Cell house refinancing: mortgage choices and necessities

Refinancing a mobile or prefabricated house is possible

If you own an RV or prefabricated house, you probably already know that the mortgage rules for this type of property are different.

Some mobile homes can be financed and refinanced. Others cannot.

Your home loan options will depend on when your home was built, how big it is, whether it is attached to its foundation, and more.

If you can refinance your RV or prefab home, you can save a lot on your monthly payments.

Current refinance rates are at all-time lows and homeowners could potentially save thousands. Find out here whether you can refinance yourself.

Check your eligibility to refinance motorhomes (10.06.2021)

In this article (continue to …)

A note on terminology: Today's “mobile homes” are real prefabricated houses. This applies to any mobile / prefabricated house built after June 15, 1976. The terms "mobile" and "prefabricated house" are often used synonymously in today's financing of prefabricated houses. We'll use both in this article.

Requirements for refinancing a motorhome

Would you like to refinance your motorhome with a mortgage loan? If so, most lenders require your home to:

On lots you own On permanent foundations that meet HUD standards Titled Real Estate (Real Estate) Erected after June 15, 1976 Without axles, wheels, or hitch At least 400 square feet

Your motorhome must also meet the building standards of the US Department of Housing and Urban Development (HUD).

The home should have a HUD tag, which is a metal sign certification label that can be found outside the home (see below). It should also have a nameplate, which is a paper label that can be found around the house.

Without this HUD label, which should be attached to the outside of the house, a mobile home or prefabricated house cannot be financed or refinanced.

Check your eligibility to refinance motorhomes (10.06.2021)

RV loan options

Eligible RVs can be refinanced using a variety of mortgage programs.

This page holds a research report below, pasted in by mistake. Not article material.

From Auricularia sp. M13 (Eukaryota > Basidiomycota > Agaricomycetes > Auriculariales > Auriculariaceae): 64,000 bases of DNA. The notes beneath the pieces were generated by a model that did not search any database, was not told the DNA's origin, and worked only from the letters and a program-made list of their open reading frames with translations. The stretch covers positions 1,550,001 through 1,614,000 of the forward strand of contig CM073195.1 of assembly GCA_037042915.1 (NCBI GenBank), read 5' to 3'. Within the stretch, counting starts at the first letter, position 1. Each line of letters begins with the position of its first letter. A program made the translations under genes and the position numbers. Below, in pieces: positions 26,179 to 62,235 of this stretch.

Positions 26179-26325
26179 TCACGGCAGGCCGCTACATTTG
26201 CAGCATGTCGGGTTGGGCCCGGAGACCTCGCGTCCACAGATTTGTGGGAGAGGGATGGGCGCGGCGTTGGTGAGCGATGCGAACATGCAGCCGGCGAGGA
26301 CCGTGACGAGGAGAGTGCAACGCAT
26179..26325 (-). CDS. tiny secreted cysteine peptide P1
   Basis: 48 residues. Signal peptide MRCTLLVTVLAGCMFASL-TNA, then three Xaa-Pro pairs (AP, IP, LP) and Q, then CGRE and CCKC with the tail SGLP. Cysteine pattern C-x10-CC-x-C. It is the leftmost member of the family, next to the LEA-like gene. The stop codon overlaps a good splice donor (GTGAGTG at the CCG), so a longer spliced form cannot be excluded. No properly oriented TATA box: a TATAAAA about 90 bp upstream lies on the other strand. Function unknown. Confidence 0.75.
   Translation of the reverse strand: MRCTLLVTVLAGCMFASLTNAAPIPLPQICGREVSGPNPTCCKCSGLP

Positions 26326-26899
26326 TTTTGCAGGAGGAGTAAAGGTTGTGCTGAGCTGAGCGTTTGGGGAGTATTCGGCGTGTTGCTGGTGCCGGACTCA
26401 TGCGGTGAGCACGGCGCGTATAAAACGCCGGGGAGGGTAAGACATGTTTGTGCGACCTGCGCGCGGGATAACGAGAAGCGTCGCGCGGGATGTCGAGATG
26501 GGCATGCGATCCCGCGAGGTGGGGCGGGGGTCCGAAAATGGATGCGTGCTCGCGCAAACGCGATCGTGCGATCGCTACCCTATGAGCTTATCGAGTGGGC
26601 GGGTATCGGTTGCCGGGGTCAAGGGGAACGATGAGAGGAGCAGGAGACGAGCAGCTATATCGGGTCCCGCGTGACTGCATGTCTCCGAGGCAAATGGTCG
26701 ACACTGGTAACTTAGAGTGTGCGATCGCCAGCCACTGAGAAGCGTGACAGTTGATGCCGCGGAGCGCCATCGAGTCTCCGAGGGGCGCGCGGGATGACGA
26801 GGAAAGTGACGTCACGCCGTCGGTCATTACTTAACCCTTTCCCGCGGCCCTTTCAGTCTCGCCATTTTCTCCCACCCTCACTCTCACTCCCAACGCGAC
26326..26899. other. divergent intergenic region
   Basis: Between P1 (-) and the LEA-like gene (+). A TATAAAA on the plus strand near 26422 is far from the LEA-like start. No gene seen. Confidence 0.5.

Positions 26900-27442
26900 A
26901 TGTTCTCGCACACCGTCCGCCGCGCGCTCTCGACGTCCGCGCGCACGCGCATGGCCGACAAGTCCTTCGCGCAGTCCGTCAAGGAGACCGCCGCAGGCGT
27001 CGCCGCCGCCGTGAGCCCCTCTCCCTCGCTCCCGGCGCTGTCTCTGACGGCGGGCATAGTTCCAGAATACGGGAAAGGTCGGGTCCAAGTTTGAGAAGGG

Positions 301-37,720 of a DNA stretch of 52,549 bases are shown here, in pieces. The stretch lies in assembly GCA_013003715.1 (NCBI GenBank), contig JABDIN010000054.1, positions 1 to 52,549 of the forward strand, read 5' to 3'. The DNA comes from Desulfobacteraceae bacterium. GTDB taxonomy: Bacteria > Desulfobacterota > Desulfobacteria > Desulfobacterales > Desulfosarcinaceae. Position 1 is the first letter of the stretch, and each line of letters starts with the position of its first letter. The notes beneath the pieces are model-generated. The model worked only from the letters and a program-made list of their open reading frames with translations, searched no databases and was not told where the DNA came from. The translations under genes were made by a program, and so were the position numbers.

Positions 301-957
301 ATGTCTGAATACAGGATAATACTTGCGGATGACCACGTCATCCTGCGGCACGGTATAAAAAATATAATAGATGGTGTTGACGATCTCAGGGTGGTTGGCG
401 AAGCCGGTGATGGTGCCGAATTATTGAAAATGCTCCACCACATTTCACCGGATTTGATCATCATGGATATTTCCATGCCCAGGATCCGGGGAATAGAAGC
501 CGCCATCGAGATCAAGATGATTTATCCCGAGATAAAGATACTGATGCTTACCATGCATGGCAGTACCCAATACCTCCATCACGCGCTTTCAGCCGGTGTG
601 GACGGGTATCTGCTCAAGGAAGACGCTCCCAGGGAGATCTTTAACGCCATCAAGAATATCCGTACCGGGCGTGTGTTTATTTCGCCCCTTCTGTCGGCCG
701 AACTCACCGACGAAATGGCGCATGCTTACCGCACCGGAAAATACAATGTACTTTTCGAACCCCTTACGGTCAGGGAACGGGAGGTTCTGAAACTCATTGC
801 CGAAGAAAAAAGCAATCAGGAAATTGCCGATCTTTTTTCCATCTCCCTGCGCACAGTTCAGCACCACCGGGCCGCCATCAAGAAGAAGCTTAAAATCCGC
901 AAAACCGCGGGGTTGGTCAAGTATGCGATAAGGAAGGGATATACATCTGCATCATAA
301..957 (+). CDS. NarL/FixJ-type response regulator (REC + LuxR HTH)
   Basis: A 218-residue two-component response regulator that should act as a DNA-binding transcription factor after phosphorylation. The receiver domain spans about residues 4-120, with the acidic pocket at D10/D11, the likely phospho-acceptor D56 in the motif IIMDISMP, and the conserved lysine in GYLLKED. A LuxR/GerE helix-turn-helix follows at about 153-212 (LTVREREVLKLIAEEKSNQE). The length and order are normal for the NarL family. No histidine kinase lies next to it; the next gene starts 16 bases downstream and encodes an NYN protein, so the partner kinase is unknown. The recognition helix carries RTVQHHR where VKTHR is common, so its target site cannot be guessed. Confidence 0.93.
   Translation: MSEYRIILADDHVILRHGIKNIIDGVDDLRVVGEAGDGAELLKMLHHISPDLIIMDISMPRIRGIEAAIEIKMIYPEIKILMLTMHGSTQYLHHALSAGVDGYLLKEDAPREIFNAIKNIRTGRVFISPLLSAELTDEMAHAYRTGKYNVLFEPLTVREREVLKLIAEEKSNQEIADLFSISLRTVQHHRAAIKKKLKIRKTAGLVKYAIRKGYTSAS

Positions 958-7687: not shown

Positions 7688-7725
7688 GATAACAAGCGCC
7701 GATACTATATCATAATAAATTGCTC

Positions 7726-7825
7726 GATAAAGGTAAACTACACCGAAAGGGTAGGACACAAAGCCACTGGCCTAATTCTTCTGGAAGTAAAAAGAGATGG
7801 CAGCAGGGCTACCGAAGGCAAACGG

Assuming the home is permanently attached to a piece of land that you own and meets the real estate requirements, you may be able to get refinance using one of these major loan programs:

Conventional Loans

Backed by Fannie Mae and Freddie Mac, conventional loans are best for borrowers with a credit score of 620 or more.

Homeowners typically need 5% equity in their home for conventional refinancing.

Both fixed rate and adjustable rate mortgages are available, with cash-out and limited cash-out refinancing in some cases. Loan terms can be up to 30 years.

VA loan

This from U.S. Department of Veterans Affairs backed loans offer extremely low interest rates for veterans and service members.

To qualify for a VA manufactured home loan, you typically need a credit score of 620 or higher and a maximum loan term of 25 years.

FHA loans

Prefabricated homes that meet HUD guidelines can be refinanced through the FHA loan program.

The Federal Housing Administration, which insures these loans, requires a credit rating of 580 or greater and allows repayment terms of up to 20-25 years for mobile / manufacturing real estate.

USDA loan

Mobile homes / prefabricated homes may be eligible for funding supported by the U.S. Department of Agriculture. USDA loans are only available in designated “rural” areas and the home must be less than a year old.

FHA option for RVs on rented lots

If you rent the land your RV is on, you're still in luck. You may be eligible for a mortgage loan under Title 1 of the FHA.

To qualify, you must:

Rent your property from an FHA compliant municipality or location

Remember, many landlords and RV communities do not adhere to FHA mortgage standards. Also, finding a Title 1 mortgage lender can be difficult.

Check your eligibility to refinance motorhomes (10.06.2021)

Who refinances RVs?

Not all lenders offer ready-to-use or home rental loans. Even if your property meets mortgage financing guidelines, you may need to find a lender to work with you.

A good option might be to reach out to a mortgage broker to help you find it.

Brokers work with multiple mortgage lenders and may be able to refer you to a lender who offers prefab home refinancing in your area.

Also, be aware that mortgage lenders enforce minimum loan amounts, which could potentially limit funding options for cheaper mobile / prefabricated homes.

Converting your mobile home into a property

One of the biggest steps in RV refinancing is converting your personal title to a real estate title.

To be eligible for a mobile / manufactured home loan, your home must be considered "real estate" and not personal property.

Mobile or prefabricated houses that do not meet the requirements listed above are considered personal property. As a result, you may need to make some changes to the home before you are eligible for mortgage refinancing.

Converting your RV title to property requires:

Proof of ownership of your motorhome Copy of the certificate of origin of your motorhome Deed of the land on which the permanent foundation of your motorhome is attached